Figure 3. Schematic drawing of the TcRR system under bulk or compartmentalized conditions. (A) Under bulk conditions, the replicases are shared among all the template RNA, and thus even a mutant template RNA that encodes inactive replicase can replicate using an active replicase translated from another template RNA. (B) Under compartmentalized conditions, each template RNA can use only the replicase translated from itself, and thus a mutant template RNA that encodes an inactive RNA replicase cannot replicate.
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Figure 4. The evolutionary process of the template RNA in the TcRR system. (A) The template RNA sequences were analyzed over 32 rounds (R1 to R32) of a transfer experiment using the TcRR system. The Hamming distances of 91 major genotypes were calculated and projected on a two-dimensional landscape. The genotypes were classified into four major clusters (Clusters 1 to 4) and colored accordingly. The fitness of each genotype was estimated from the rate of change in its frequency and plotted on the z-axis. (B) Only the genotypes that constituted more than 1% of the population at each round were shown. The RNA population first diverged within Cluster 1 (R0 to R5). Three RNA genotypes that had higher fitness then appeared within Cluster 2 (arrowheads in R8). The RNA population then continued to diverge within Cluster 2 (R8 to R11). Subsequently, two genotypes that had much higher fitness appeared in Cluster 3 (R14, arrowheads). The RNA population again diverged within Cluster 3 (R14 to R20), and three new genotypes appeared in Cluster 4 (R23, arrowheads). Finally, the population diverged within Cluster 4 (R23 to R32). Reproduced with permission from Oxford Journals [52].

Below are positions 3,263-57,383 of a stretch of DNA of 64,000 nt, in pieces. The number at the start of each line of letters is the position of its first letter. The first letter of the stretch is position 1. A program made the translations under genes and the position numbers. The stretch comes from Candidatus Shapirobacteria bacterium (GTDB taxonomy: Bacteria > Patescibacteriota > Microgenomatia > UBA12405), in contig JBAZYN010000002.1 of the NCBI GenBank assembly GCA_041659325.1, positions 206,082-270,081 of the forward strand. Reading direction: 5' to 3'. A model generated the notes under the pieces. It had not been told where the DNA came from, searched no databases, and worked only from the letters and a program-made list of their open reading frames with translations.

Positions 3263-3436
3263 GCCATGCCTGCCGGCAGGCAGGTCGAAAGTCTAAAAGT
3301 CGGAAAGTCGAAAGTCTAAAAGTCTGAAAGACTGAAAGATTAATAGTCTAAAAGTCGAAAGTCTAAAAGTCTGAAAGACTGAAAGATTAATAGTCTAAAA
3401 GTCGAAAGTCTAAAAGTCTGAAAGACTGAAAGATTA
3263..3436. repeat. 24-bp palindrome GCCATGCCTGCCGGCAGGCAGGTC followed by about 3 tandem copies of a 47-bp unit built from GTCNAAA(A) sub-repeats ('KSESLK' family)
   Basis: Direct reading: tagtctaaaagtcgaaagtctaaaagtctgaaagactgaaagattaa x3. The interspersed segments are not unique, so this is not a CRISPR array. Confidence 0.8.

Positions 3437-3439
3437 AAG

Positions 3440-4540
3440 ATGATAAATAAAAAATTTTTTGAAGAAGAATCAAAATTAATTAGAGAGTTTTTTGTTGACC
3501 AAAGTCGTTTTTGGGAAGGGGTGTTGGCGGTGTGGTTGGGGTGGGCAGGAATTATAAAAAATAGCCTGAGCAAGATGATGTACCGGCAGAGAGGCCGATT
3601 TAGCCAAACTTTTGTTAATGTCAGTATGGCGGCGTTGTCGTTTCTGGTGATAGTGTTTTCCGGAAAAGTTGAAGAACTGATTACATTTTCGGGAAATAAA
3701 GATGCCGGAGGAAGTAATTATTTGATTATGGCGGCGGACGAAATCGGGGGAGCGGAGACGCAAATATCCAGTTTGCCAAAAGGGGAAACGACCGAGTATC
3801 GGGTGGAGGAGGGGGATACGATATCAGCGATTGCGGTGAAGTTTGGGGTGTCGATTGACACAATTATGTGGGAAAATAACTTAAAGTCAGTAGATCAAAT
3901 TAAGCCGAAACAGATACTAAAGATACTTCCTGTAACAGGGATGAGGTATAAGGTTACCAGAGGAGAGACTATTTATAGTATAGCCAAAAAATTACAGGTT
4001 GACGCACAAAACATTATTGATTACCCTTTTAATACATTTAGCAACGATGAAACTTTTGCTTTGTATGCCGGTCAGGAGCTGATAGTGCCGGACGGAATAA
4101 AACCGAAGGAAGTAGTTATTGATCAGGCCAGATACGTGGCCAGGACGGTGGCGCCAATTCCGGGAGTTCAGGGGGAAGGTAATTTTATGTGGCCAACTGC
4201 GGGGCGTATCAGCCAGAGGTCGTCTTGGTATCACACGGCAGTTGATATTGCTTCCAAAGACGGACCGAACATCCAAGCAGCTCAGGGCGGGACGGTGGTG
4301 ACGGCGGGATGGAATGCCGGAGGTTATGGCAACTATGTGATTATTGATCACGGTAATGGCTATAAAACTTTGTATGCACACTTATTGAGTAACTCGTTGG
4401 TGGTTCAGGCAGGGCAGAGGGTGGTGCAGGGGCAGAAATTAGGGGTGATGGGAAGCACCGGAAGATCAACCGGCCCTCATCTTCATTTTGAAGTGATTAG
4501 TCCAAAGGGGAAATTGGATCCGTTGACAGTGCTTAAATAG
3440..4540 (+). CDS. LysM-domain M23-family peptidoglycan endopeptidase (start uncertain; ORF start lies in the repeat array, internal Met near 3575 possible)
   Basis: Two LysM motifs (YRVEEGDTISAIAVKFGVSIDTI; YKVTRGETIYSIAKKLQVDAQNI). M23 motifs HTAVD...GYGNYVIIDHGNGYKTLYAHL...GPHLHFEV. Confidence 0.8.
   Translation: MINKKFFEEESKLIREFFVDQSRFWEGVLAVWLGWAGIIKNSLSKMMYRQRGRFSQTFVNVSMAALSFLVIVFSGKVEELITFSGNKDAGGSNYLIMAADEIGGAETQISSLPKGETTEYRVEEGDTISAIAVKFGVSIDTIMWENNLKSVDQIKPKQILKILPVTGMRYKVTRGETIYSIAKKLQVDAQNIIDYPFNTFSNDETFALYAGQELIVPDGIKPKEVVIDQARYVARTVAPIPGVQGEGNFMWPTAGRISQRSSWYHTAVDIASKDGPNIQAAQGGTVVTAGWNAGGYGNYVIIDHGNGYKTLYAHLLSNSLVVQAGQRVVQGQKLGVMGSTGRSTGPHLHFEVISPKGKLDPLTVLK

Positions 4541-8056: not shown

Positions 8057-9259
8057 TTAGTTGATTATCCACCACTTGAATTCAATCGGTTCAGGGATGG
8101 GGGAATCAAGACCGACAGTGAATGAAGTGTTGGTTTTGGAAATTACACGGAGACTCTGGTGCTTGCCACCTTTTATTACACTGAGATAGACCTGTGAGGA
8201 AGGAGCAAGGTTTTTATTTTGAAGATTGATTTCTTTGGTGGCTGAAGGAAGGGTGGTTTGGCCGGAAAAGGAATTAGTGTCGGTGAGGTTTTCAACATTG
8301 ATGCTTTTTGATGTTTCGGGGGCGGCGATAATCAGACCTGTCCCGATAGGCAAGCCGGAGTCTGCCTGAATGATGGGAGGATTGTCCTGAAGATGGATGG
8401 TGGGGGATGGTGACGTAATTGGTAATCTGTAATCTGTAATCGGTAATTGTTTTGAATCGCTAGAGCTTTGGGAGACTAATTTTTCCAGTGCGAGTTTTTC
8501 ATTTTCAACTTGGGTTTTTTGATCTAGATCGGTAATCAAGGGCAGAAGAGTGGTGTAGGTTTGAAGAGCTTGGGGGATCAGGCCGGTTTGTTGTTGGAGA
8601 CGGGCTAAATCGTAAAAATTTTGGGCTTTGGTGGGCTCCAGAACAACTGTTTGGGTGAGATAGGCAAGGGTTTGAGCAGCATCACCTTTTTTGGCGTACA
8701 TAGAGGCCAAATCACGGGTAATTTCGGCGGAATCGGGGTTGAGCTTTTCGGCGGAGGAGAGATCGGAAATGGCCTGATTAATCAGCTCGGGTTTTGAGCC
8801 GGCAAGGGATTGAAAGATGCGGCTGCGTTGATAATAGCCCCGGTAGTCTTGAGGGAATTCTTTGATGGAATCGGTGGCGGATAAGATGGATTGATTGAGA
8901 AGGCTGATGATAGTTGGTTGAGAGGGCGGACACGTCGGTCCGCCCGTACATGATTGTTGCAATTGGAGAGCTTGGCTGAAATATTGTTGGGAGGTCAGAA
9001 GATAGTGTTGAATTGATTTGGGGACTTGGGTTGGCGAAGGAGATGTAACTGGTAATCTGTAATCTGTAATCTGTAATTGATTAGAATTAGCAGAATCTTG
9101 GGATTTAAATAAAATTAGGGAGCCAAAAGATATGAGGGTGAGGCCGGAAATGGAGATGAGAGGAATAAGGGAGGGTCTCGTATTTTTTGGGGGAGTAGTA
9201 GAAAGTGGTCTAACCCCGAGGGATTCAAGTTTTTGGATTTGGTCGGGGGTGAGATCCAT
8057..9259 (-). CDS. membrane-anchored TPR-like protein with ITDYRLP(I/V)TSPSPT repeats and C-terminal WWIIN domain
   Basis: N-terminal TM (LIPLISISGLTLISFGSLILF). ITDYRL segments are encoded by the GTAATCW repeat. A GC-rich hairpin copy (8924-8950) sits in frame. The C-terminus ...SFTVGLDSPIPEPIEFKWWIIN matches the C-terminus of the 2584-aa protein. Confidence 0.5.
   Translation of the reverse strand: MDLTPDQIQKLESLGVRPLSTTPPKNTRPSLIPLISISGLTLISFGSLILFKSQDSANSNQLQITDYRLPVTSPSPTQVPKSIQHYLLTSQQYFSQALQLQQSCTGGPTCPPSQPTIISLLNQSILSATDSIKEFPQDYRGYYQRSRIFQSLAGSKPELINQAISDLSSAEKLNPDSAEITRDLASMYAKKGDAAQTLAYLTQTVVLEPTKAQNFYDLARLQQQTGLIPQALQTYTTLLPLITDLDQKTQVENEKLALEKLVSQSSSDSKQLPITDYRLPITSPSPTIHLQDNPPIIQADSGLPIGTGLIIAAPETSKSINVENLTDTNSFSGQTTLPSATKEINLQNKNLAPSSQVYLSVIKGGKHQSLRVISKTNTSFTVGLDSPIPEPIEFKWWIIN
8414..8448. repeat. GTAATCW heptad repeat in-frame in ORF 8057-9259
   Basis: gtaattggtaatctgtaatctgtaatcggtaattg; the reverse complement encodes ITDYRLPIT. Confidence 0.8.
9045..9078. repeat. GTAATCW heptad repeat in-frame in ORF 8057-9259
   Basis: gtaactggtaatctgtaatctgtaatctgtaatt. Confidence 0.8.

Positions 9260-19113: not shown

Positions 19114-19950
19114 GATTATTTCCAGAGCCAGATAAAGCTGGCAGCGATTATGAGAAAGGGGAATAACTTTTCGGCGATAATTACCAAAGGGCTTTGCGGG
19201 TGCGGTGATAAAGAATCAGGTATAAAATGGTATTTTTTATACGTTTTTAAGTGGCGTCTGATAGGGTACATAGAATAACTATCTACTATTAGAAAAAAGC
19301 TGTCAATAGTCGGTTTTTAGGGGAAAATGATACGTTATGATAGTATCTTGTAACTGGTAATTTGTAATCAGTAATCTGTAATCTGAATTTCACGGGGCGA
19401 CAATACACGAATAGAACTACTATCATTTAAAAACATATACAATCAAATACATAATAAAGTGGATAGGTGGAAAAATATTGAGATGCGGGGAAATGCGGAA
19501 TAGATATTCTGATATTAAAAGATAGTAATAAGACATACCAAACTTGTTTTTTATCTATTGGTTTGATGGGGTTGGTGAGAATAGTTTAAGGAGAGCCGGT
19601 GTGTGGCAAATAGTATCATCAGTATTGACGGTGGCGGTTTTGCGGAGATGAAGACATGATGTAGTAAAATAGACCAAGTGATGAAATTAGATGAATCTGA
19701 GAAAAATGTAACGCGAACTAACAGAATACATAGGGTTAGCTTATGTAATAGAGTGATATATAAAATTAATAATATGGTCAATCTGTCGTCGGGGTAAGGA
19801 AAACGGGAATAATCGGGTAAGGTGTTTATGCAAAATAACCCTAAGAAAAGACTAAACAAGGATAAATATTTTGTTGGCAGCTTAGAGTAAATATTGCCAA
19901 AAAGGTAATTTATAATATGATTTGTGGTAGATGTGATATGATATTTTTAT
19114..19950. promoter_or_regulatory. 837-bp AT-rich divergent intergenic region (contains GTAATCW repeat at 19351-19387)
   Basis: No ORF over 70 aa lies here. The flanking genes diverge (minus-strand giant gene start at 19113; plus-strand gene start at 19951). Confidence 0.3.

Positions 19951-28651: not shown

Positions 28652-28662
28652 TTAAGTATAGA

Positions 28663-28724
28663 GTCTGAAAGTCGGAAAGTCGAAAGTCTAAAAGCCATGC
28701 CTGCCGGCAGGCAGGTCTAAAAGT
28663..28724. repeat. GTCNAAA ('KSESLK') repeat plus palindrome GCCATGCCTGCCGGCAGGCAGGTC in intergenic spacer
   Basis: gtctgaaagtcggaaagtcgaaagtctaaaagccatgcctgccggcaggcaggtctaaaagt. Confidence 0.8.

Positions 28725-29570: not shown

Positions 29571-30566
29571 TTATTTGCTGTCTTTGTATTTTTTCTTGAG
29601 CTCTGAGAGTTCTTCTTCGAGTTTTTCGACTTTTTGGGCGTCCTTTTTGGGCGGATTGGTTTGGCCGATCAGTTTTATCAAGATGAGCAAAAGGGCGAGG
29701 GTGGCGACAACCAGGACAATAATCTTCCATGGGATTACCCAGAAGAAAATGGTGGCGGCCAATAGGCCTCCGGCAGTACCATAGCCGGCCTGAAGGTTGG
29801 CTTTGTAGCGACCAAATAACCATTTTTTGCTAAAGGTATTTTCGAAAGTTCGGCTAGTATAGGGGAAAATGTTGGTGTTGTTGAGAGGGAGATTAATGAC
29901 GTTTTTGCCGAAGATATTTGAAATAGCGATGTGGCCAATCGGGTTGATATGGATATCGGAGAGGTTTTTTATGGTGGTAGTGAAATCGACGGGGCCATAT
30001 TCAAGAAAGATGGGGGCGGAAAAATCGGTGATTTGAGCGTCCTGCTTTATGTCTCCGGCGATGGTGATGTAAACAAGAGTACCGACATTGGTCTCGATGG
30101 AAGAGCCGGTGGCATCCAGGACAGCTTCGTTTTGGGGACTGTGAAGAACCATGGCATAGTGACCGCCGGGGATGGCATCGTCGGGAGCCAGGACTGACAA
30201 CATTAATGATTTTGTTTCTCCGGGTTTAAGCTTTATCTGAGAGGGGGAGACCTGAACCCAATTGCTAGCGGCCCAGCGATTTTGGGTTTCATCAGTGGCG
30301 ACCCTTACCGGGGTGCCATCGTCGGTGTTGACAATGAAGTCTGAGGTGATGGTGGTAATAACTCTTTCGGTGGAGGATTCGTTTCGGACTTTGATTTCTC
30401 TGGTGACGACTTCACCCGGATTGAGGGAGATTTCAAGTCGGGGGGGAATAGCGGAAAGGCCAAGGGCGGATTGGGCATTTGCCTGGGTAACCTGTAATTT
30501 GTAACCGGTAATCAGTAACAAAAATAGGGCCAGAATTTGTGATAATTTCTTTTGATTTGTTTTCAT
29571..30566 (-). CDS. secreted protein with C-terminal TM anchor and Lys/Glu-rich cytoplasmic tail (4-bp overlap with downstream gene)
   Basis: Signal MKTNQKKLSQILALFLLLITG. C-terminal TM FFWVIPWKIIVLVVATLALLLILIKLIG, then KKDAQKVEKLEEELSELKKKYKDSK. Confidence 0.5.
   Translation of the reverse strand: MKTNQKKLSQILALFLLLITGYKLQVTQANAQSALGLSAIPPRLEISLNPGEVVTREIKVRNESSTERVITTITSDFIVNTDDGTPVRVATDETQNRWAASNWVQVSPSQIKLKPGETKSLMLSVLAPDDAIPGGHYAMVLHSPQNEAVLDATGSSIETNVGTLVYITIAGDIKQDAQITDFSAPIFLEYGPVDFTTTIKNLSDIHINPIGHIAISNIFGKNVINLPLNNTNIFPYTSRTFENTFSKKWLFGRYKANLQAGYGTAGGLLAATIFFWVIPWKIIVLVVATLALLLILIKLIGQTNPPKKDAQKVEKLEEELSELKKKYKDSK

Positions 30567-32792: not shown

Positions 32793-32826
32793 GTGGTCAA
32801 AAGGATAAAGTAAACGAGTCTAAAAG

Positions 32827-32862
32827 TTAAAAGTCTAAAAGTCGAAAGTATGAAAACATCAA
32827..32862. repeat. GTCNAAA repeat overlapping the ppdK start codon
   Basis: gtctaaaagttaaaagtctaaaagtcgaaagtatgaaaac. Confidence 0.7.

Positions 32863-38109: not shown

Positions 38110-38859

Figure 4. The evolutionary process of the template RNA in the TcRR system. (A) The template RNA sequences were analyzed over 32 rounds (R1 to R32) of a transfer experiment using the TcRR system. The Hamming distances of 91 major genotypes were calculated and projected on a two-dimensional landscape. The genotypes were classified into four major clusters (Clusters 1 to 4) and colored accordingly. The fitness of each genotype was estimated from the rate of change in its frequency and plotted on the z-axis. (B) Only the genotypes that constituted more than 1% of the population at each round were shown. The RNA population first diverged within Cluster 1 (R0 to R5). Three RNA genotypes that had higher fitness then appeared within Cluster 2 (arrowheads in R8). The RNA population then continued to diverge within Cluster 2 (R8 to R11). Subsequently, two genotypes that had much higher fitness appeared in Cluster 3 (R14, arrowheads). The RNA population again diverged within Cluster 3 (R14 to R20), and three new genotypes appeared in Cluster 4 (R23, arrowheads). Finally, the population diverged within Cluster 4 (R23 to R32). Reproduced with permission from Oxford Journals [52].